Thymine/uracil recognition in non-canonical nucleic acid structures by zinc macrocycle complexes
del Mundo, Imee Marie A.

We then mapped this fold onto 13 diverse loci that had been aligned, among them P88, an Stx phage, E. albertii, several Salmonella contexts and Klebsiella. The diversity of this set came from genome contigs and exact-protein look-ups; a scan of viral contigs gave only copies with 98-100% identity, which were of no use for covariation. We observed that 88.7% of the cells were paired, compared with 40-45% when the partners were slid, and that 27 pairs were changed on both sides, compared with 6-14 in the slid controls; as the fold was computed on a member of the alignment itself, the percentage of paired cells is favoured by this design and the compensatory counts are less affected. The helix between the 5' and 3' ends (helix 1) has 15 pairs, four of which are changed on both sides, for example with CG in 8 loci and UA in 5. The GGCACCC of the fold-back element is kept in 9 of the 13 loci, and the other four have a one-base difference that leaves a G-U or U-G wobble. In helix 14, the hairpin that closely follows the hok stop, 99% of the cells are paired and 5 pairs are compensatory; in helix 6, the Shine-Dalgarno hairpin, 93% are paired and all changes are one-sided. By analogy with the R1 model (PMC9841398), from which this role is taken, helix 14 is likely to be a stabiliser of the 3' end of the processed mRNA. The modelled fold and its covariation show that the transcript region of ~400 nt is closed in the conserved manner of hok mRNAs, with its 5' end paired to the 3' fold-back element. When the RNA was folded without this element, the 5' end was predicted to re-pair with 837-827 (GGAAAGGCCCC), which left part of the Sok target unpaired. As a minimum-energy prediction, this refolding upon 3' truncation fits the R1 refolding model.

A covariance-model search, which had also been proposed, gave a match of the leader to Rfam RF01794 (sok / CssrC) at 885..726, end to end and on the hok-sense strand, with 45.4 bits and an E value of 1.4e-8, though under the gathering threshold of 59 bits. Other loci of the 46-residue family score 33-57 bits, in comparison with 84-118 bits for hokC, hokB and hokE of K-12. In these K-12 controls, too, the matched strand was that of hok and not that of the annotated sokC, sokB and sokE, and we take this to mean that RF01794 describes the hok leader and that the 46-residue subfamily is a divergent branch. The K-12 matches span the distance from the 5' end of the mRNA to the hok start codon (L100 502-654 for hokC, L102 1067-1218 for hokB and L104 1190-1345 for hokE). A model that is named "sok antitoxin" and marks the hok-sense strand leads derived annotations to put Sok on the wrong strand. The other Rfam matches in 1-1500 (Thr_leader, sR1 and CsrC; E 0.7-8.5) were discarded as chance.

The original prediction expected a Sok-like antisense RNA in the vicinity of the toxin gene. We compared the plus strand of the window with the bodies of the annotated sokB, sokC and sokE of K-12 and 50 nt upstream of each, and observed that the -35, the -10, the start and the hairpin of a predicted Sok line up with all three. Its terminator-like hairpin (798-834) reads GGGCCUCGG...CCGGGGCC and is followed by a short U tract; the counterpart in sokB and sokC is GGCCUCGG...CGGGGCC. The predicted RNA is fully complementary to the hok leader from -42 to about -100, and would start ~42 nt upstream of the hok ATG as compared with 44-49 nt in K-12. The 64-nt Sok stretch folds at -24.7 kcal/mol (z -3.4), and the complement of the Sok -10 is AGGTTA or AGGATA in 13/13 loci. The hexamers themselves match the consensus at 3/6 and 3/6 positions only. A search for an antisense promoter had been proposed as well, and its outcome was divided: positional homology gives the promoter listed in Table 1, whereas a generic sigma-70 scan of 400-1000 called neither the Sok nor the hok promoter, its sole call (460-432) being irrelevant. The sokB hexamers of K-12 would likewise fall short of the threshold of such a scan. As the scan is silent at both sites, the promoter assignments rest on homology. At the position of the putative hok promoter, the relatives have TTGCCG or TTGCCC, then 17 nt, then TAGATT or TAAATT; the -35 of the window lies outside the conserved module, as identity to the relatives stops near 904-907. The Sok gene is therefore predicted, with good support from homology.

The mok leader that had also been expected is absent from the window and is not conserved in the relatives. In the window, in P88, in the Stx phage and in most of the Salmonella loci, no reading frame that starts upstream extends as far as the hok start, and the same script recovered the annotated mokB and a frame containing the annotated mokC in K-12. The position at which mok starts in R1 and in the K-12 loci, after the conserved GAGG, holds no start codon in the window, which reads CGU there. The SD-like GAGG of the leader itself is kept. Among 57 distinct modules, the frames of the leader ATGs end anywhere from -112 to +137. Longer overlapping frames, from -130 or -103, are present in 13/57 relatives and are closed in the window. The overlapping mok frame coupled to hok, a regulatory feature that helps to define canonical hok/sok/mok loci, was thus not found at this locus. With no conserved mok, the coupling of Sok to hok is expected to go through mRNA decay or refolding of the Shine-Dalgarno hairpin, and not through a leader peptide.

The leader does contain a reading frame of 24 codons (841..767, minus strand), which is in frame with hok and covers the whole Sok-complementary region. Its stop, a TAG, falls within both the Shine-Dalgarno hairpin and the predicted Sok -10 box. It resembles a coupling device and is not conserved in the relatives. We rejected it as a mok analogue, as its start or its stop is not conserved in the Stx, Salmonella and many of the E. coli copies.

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Zinc(II) complexes with and without pendant aromatic groups are recognition agents for single-stranded nucleic acids that contain thymine (T) or uracil (U). To develop these compounds further as nucleic acid binders, Zn(II)-cyclen (cyclen = 1,4,7,10-tetraazacyclododecane) complexes appended with a conjugated (4-methylquinoline, Zncy4q and 2-methylquinoline, Zncy2q ) and a non-conjugated (4-methylbiphenyl, Zncybp ) two-ring aromatic system were prepared. Binding affinities of these Zn(II) complexes to a series of hairpin oligonucleotides containing the strongly hairpin-nucleating 5'-GCA-3' or 5'-GAAA-3' loops with T/U in different secondary structures (duplex, loop, bulge, mismatch) was studied by using an ethidium bromide displacement assay and thermal denaturation studies. Results show that the parent Zn(II)-cyclen complex binds the oligonucleotides in the millimolar range. Binding with thymine bulge was also accompanied with an increase in thermal melting temperature (T m ), unlike the hairpins lacking a bulge which show destabilization. Zncy2q , with the nitrogen of the quinoline occupying a fifth coordination site, has the lowest affinity to all the motifs, with apparent dissociation constants ranging from 200–700 uM. Zncybp , presumably due to the internal flexibility of the two-phenyl rings relative to each other, binds mismatches and bulges with different affinities and modes. However, together with Zncy4q , both complexes have the low micromolar binding affinity for DNA sequences containing thymine as a single-base bulge, followed by hairpins with thymine in mismatched base pairs. Thermal melting studies show that Zncy4q's binding to TT and CT mismatches is accompanied by stabilizing interactions while Zncybp's interaction to TT and GT mismatches results in destabilization. Zncy4q was furthermore found to be > 100-fold selective for DNA containing a T-bulge over DNA containing G, C or A-bulges or hairpins lacking a bulge. Varying the flanking bases around the bulge revealed that Zncy4q prefers thymine bulges with purines as the bulge's flanking bases. Thermal denaturation and circular dichroism (CD) spectroscopy studies also show that Zncy4q bind to the thymine bulge without destablizing the stem of the oligonucleotide structure. This was later on confirmed from NMR imino proton studies. Further investigations using NMR spectroscopy showed large perturbations of the chemical shifts, especially that of the thymine bulge and the quinoline aromatic protons. Upfield chemical shifts were observed for most of the quinoline protons while downfield shifts were observed for the methylene (CH 2 ) linker of the complex as well as the T-Me, H6 and H1' of the thymine bulge. These changes led to our proposal that the thymine base and the quinoline group of the complex interacted by stacking, after the N3 deprotonated thymine coordinated with the Zn(II) metal center of the complex. Zn(II)-cyclen complexes with aromatic pendant groups, thus, represent a new class of bifunctional thymine-specific recognition agent. They constitute a richly versatile type of recognition agent for secondary structures containing non-canonical thymine or uracil nucleobases.